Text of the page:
Athenian Religion

by Tom Wacaster

In their book, The Life and Epistles of St. Paul, Conybeare and Howson have this interesting note: 

It [the Greek religion, TW] was a religion which ministered to art and amusement, and was entirely destitute of moral power.  Taste was gratified by the bright spectacle to which the Athenian awoke every morning of his life.  Excitement was agreeably kept up by festal seasons, gay processions, and varied ceremonies.  But all this religious dissipation had no tendency to make him holy.  It gave him no victory over himself: it brought him no nearer to God.  A religion which addresses itself only to the taste, is as weak as one that appeals only to the intellect.  The Greek religion was a mere deification of human attributes and the power of nature...It had no real power to raise him to a higher position than that which he occupied by nature (pages 28-281). 

I found that statement to be of interest insofar as it relates to what seems to be taking place in our society.  I read somewhere that more than 85% of our population professes some sort of religious faith.  The same article pointed out, however, that less than 15% of those surveyed admitted that their religion had any direct bearing upon their lives.  In short, their religion is no better than that of the Athenian citizen. There is no real power to transform them into something different, spiritually and morally speaking.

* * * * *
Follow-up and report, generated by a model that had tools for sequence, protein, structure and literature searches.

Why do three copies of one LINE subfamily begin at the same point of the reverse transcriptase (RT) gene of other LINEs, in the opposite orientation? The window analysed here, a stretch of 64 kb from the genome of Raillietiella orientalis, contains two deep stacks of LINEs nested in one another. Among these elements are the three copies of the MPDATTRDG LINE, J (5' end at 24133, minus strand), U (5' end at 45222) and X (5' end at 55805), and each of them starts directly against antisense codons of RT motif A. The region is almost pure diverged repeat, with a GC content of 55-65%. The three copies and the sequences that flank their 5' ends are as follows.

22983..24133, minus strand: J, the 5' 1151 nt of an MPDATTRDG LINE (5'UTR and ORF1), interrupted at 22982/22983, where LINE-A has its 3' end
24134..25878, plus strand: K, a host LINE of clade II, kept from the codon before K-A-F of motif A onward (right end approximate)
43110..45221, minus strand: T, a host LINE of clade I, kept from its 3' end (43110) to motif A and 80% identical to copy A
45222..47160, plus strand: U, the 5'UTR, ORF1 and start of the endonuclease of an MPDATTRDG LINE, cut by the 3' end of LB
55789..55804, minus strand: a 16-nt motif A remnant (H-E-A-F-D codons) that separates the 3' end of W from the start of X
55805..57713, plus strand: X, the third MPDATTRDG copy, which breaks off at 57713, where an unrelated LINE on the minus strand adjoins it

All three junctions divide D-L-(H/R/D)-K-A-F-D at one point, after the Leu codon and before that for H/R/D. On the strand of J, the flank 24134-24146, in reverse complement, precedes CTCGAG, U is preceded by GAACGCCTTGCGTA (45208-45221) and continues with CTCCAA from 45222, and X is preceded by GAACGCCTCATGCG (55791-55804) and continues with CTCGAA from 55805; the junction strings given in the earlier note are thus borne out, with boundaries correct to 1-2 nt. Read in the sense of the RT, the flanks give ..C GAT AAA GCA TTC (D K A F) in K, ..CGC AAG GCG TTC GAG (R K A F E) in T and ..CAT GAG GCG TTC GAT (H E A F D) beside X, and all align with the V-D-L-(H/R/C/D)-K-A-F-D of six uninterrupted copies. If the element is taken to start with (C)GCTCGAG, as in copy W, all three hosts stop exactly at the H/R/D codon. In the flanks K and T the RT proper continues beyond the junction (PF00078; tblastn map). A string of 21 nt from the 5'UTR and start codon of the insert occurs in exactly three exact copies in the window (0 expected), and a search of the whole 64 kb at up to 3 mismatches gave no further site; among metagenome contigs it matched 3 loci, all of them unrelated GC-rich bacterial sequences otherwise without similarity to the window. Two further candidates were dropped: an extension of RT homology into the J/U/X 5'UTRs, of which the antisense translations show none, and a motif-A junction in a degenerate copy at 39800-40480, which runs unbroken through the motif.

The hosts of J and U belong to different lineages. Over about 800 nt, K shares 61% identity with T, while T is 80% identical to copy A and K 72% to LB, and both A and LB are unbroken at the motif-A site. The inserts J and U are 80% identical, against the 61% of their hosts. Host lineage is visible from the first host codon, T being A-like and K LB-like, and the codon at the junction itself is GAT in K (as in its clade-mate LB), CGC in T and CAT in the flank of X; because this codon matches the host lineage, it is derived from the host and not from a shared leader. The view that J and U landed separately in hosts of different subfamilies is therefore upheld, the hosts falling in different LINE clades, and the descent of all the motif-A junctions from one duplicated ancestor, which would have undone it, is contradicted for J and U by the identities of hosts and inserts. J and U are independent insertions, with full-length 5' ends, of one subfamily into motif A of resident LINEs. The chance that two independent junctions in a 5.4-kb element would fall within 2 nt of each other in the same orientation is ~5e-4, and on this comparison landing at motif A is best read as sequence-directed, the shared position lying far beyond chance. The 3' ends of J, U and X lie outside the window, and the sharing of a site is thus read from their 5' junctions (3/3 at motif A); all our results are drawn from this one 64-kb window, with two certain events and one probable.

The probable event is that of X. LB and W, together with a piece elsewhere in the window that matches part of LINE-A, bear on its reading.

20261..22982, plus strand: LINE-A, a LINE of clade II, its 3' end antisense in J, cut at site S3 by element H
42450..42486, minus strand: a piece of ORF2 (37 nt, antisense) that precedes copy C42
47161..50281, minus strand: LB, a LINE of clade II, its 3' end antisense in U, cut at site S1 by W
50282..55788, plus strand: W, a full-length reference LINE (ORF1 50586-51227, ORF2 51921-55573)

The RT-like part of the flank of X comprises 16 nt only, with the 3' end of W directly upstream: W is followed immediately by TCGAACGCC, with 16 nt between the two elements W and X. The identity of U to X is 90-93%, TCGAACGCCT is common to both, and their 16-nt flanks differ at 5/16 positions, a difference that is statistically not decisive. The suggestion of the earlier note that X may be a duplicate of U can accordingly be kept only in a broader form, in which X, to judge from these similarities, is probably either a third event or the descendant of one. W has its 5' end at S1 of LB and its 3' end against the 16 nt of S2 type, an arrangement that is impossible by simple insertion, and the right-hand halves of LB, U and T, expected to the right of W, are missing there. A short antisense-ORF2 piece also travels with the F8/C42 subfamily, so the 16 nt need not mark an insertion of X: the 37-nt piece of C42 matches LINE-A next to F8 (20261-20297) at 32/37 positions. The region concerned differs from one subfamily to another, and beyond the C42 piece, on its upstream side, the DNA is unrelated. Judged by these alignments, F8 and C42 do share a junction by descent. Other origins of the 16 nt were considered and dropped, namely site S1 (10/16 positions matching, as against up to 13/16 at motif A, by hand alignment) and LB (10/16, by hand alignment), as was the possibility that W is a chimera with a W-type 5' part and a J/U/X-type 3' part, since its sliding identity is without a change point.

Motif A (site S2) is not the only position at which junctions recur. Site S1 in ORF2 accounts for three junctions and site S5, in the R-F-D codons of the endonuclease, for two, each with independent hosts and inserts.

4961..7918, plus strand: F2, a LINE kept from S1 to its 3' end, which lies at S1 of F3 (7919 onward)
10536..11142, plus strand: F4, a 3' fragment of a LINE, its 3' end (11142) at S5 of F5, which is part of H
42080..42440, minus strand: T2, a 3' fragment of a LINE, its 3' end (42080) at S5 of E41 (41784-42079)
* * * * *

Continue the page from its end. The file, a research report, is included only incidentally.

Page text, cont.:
We have all seen the pitiful soul who plays the part of the hypocrite.  He has a "form" of religion, but possesses no real substance.  James pointed out that "faith apart from works is dead" (James 2:26).  It seems that our society has moved ever closer to having the type religion characteristic of the ancient Greeks.  Human wisdom is deified, and men today, like those in Athens, spend "their time in nothing else but to either tell or to hear some new thing" (Acts 17:21).  When they have determined some "new thing," they glory in their knowledge, failing to realize that such knowledge just might be wrong.  Witness if you will the constant change in our encyclopedias and libraries. Volumes hot off the press today are out-of-date history tomorrow.  Knowledge without God is vain, at best.  The Greeks placed the emphasis upon that which appealed to the flesh and the gratification of the same.  It is really sad to see men today, while professing a sense of religion, failing to control the flesh.  In fact, they go so far as to engage in the things of the flesh in the name of religion.  The bottom line?  Philosophy without application is a dead philosophy, and religion without power to change is useless.